Interviewer: There’s something there, isn’t there? The sensation is that there’s something there when you push these two magnets together.

Feynman: Listen to my question. What is the meaning when you say that there’s a feeling? Of course you feel it. Now what do you want to know?

Interviewer: What I want to know is what’s going on between these two bits of metal?

Feynman: They repel each other.

Interviewer: What does that mean, or why are they doing that, or how are they doing that? I think that’s a perfectly reasonable question.

Feynman: Of course, it’s an excellent question. But the problem, you see, when you ask why something happens, how does a person answer why something happens? For example, Aunt Minnie is in the hospital. Why? Because she went out, slipped on the ice, and broke her hip.

That satisfies people. It satisfies, but it wouldn’t satisfy someone who came from another planet and who knew nothing about why when you break your hip do you go to the hospital. How do you get to the hospital when the hip is broken?

Well, because her husband, seeing that her hip was broken, called the hospital up and sent somebody to get her. All that is understood by people.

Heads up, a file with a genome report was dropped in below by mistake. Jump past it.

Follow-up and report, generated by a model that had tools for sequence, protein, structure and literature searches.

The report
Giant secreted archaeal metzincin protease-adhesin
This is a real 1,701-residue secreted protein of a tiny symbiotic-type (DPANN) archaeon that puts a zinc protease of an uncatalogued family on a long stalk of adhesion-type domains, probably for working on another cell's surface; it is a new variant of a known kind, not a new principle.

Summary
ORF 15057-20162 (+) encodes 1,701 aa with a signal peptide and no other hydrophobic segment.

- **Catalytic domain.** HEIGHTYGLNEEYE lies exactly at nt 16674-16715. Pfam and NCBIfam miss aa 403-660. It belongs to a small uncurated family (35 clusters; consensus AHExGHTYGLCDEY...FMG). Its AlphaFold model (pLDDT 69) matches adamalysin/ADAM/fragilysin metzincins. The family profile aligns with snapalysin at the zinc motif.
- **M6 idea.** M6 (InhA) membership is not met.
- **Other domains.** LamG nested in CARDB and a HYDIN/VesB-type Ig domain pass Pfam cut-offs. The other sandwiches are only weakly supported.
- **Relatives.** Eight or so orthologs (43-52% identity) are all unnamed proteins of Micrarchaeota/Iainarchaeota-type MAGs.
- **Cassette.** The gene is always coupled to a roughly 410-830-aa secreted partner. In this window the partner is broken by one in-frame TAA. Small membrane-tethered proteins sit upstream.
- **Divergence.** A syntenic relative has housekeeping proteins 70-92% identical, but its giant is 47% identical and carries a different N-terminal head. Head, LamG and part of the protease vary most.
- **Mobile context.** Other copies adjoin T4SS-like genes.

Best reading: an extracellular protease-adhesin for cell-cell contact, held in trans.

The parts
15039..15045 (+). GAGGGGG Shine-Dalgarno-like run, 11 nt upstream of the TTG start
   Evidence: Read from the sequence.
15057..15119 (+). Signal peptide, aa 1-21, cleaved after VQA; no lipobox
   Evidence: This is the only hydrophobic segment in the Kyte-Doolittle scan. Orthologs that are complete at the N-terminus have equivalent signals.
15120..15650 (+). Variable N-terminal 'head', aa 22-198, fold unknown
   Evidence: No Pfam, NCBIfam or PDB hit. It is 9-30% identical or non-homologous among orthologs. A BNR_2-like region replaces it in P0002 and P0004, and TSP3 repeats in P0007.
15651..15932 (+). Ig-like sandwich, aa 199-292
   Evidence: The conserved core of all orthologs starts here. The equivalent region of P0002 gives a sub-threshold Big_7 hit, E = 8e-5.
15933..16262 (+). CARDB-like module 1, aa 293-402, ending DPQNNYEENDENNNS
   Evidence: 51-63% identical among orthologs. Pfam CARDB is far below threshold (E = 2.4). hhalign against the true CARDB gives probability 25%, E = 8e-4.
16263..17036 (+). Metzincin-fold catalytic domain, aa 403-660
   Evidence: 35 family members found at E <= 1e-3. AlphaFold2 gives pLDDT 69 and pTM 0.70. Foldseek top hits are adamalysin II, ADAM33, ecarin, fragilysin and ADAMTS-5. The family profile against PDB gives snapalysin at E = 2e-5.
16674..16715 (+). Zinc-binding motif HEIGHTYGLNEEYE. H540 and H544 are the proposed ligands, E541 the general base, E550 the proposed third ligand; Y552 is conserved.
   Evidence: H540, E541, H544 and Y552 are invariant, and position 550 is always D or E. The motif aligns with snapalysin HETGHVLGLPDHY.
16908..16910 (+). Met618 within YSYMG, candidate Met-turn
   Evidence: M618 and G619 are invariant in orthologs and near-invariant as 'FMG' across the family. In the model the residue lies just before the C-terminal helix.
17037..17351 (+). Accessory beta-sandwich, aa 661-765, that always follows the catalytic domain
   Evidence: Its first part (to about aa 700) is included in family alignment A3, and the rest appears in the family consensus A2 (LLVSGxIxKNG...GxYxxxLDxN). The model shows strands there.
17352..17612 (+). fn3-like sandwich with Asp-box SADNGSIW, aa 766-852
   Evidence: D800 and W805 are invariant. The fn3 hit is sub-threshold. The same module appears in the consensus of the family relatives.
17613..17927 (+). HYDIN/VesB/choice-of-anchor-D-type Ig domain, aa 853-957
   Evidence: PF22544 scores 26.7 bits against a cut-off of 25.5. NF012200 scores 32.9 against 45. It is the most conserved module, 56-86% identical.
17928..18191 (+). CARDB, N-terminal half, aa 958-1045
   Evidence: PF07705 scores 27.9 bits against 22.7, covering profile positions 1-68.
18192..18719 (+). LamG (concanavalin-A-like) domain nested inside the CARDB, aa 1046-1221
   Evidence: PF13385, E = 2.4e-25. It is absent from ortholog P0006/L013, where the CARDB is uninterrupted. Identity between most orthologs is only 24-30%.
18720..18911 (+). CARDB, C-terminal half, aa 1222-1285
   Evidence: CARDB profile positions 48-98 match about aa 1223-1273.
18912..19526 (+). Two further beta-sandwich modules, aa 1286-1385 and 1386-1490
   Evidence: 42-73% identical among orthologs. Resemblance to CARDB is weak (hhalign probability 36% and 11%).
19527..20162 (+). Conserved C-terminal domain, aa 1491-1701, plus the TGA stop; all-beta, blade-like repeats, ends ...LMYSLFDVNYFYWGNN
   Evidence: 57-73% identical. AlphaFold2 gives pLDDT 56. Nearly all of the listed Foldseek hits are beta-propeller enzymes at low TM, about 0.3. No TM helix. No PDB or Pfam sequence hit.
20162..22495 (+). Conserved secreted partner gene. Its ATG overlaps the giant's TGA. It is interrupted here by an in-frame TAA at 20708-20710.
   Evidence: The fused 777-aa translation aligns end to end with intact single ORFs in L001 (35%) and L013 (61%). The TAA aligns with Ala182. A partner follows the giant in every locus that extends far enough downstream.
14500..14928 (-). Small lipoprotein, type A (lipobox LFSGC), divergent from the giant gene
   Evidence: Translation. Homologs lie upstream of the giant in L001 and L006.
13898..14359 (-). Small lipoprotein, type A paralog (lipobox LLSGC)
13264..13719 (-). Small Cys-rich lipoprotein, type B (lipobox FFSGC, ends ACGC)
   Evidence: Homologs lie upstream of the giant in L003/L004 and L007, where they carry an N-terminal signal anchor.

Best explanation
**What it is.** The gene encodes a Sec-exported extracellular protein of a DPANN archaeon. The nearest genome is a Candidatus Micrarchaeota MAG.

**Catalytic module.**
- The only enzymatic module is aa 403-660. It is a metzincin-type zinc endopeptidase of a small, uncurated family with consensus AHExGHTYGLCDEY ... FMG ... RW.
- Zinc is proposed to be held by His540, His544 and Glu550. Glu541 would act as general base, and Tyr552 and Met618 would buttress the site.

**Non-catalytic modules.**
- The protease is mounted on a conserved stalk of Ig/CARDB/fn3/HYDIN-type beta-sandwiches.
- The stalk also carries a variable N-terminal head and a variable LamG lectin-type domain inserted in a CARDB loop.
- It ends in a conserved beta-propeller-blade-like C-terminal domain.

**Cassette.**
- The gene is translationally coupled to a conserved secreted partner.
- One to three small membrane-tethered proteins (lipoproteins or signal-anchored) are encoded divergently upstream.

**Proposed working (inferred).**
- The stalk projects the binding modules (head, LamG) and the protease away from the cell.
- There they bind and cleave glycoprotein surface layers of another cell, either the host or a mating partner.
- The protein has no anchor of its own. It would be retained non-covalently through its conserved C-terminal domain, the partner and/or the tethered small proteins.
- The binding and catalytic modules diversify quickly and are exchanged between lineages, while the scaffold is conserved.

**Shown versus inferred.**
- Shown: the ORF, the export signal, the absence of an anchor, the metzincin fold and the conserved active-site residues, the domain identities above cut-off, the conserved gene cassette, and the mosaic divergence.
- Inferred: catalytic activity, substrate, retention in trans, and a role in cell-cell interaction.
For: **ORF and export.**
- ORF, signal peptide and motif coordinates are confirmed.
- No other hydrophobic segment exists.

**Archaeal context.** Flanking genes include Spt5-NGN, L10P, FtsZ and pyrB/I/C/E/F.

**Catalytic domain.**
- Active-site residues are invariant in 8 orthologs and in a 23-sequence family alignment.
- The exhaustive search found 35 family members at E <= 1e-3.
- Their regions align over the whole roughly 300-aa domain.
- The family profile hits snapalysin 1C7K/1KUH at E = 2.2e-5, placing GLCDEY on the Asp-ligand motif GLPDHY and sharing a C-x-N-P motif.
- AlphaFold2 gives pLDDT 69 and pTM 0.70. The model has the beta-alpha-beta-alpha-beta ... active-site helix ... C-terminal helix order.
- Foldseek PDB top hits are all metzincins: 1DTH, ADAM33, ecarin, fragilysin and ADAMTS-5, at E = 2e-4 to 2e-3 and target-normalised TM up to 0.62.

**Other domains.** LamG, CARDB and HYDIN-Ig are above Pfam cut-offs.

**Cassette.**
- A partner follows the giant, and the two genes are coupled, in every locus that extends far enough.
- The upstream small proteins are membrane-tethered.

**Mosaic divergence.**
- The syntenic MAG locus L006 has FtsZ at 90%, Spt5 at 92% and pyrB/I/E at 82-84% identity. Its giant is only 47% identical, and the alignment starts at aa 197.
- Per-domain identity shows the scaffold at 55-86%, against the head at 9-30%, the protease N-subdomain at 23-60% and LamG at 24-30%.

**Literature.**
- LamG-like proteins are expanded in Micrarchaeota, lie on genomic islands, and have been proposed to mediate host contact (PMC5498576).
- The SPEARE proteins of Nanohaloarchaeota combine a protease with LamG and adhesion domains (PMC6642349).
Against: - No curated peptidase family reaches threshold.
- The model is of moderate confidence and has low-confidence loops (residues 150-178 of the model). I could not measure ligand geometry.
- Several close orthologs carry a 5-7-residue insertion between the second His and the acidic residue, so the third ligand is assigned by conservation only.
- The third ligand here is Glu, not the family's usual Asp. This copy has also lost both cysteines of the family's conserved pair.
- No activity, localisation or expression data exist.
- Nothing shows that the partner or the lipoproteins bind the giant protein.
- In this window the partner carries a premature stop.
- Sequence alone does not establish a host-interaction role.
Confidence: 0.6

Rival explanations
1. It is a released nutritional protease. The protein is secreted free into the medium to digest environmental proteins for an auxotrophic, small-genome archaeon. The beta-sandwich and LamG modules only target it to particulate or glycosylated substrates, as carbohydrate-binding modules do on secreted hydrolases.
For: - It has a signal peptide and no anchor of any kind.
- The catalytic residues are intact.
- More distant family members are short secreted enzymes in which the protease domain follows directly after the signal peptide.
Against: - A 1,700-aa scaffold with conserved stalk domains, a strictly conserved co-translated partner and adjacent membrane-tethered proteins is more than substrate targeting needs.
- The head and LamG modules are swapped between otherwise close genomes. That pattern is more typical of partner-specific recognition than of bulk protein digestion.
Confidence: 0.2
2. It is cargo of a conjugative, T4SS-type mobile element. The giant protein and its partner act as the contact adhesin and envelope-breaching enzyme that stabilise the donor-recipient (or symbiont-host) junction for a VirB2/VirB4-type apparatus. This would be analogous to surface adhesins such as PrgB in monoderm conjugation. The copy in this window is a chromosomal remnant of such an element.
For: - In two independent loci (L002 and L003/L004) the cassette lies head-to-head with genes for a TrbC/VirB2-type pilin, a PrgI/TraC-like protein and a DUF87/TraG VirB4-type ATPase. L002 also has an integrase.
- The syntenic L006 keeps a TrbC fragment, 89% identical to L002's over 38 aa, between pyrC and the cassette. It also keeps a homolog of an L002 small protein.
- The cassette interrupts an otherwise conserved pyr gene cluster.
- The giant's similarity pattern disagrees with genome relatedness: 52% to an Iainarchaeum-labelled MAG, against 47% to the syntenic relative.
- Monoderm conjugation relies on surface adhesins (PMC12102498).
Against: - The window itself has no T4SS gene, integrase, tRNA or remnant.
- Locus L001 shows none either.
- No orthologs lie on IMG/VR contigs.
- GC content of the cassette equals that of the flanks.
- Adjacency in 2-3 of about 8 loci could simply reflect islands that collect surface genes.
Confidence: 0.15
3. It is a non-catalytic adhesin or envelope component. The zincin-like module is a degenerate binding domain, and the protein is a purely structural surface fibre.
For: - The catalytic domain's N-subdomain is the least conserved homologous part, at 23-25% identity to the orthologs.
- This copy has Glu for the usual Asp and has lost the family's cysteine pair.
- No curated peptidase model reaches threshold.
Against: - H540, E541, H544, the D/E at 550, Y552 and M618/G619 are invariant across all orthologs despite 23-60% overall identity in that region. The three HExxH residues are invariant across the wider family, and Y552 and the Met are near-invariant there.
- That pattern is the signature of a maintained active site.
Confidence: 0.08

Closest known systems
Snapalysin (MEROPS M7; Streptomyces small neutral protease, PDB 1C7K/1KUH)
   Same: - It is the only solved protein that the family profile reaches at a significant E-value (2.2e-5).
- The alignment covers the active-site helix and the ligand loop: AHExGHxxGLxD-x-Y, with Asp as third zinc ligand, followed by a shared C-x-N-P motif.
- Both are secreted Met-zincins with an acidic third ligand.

And when you explain a why, you have to be in some framework that you allow something to be true. Otherwise, you’re perpetually asking why. Why did the husband call up the hospital? Because the husband is interested in his wife’s welfare. Not always, some husbands aren’t interested in their wives’ welfare when they’re drunk and they’re angry.

And you begin to get a very interesting understanding of the world and all its complications. If you try to follow anything up, you go deeper and deeper in various directions.

For example, if you go, “Why did she slip on the ice?” Well, ice is slippery. Everybody knows that, no problem. But you ask why is ice slippery? That’s kinda curious. Ice is extremely slippery. It’s very interesting.